What about Annie?

November 16, 2010 by Wally Bock

Annie worked for the same company for forty years and for all of that time she was what her company calls a “customer service clerk.” Her job was processing orders that came in the mail and answering the phone. The caller might be a customer or one of her company’s salespeople with an order or a question or a problem.

Annie mastered the basics of her job in the first few weeks. Within a year she was a star in the office. She did twice as much work as any other clerk. And she was always willing to help out if someone needed help. She usually trained the new clerks.

When she retired, HR called her in for an exit interview and to explain how the pension program worked. Then Annie went back to the office for her retirement party.

One of the other clerks had make a coconut cake, Annie’s favorite. There were “Happy Retirement” balloons. Her co-workers gave her a replica Oakland Raiders jersey with “Stabler” and the number 12 on the back. Annie loved the Raiders and had a crush on Stabler.

When the party was over, her co-workers returned to work. Annie put her personal belongings in a file box. She gave her little mirror with the message “Smile, they can feel it!” to her friend Marilyn. Then she left the building.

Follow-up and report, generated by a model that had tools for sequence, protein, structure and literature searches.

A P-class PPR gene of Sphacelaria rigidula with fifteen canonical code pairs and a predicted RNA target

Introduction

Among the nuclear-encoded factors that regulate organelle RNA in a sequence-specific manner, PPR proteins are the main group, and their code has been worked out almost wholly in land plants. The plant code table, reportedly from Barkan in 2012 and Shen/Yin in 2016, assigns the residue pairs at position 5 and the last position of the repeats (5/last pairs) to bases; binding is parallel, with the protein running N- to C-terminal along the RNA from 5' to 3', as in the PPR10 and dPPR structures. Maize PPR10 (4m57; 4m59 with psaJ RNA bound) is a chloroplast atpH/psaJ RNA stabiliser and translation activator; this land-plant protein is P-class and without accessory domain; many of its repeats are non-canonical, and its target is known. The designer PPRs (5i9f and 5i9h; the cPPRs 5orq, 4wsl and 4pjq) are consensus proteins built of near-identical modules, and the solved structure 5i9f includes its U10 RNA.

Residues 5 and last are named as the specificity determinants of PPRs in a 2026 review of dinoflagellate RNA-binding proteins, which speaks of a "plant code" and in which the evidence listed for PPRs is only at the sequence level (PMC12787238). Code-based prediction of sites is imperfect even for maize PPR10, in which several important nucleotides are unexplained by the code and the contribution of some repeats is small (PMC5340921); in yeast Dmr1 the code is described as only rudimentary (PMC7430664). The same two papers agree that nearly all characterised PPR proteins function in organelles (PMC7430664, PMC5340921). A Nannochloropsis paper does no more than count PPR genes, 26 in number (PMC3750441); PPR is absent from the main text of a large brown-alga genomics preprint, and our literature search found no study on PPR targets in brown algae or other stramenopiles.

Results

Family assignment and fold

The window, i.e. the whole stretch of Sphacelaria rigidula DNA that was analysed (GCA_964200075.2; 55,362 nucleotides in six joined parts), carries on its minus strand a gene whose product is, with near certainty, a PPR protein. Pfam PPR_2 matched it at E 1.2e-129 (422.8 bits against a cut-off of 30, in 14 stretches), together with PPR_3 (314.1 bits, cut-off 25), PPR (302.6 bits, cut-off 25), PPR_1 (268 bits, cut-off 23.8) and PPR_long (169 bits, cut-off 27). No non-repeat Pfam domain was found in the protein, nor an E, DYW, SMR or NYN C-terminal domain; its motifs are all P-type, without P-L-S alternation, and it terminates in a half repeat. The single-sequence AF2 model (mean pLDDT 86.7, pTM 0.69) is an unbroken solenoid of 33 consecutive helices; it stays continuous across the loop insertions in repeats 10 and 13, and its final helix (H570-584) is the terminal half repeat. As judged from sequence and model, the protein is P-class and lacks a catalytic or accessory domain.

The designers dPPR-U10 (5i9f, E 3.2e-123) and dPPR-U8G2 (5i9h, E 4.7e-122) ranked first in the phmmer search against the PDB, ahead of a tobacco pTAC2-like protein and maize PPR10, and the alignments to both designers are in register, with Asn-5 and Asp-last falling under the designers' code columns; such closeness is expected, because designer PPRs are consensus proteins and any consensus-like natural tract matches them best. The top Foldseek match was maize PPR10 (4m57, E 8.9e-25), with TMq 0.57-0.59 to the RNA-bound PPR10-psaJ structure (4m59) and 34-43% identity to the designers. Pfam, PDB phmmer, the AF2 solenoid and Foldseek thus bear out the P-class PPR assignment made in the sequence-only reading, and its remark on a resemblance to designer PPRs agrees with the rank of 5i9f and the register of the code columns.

I interviewed Annie more than twenty years ago as part of a research project. I came upon my notes while I was doing some cleaning this weekend.

I had interviewed her co-workers so I knew that Annie was smart and full of good ideas, even though she didn’t have much formal education. When I asked her, “What could the company have done differently?” I expected the usual answers about policies.

Instead she sat silently for a long time. When she finally began speaking, it was like a dam had burst. She probably talked for ten minutes straight. She was angry.

She was angry that after she mastered her job there was nothing else to learn. She was angry that in forty years no “boss” had ever asked for her opinion on anything that mattered.” They treated me like I was a desk,” is the way she described it.

I left that interview emotionally drained. I felt the same way on Sunday afternoon after re-reading my notes. I asked myself the same questions I asked twenty years ago.

“How many more are there out there like Annie?”

“What are we wasting when we don’t treat them like people?”

Wally Bock is a coach, a writer and President of Three Star Leadership.

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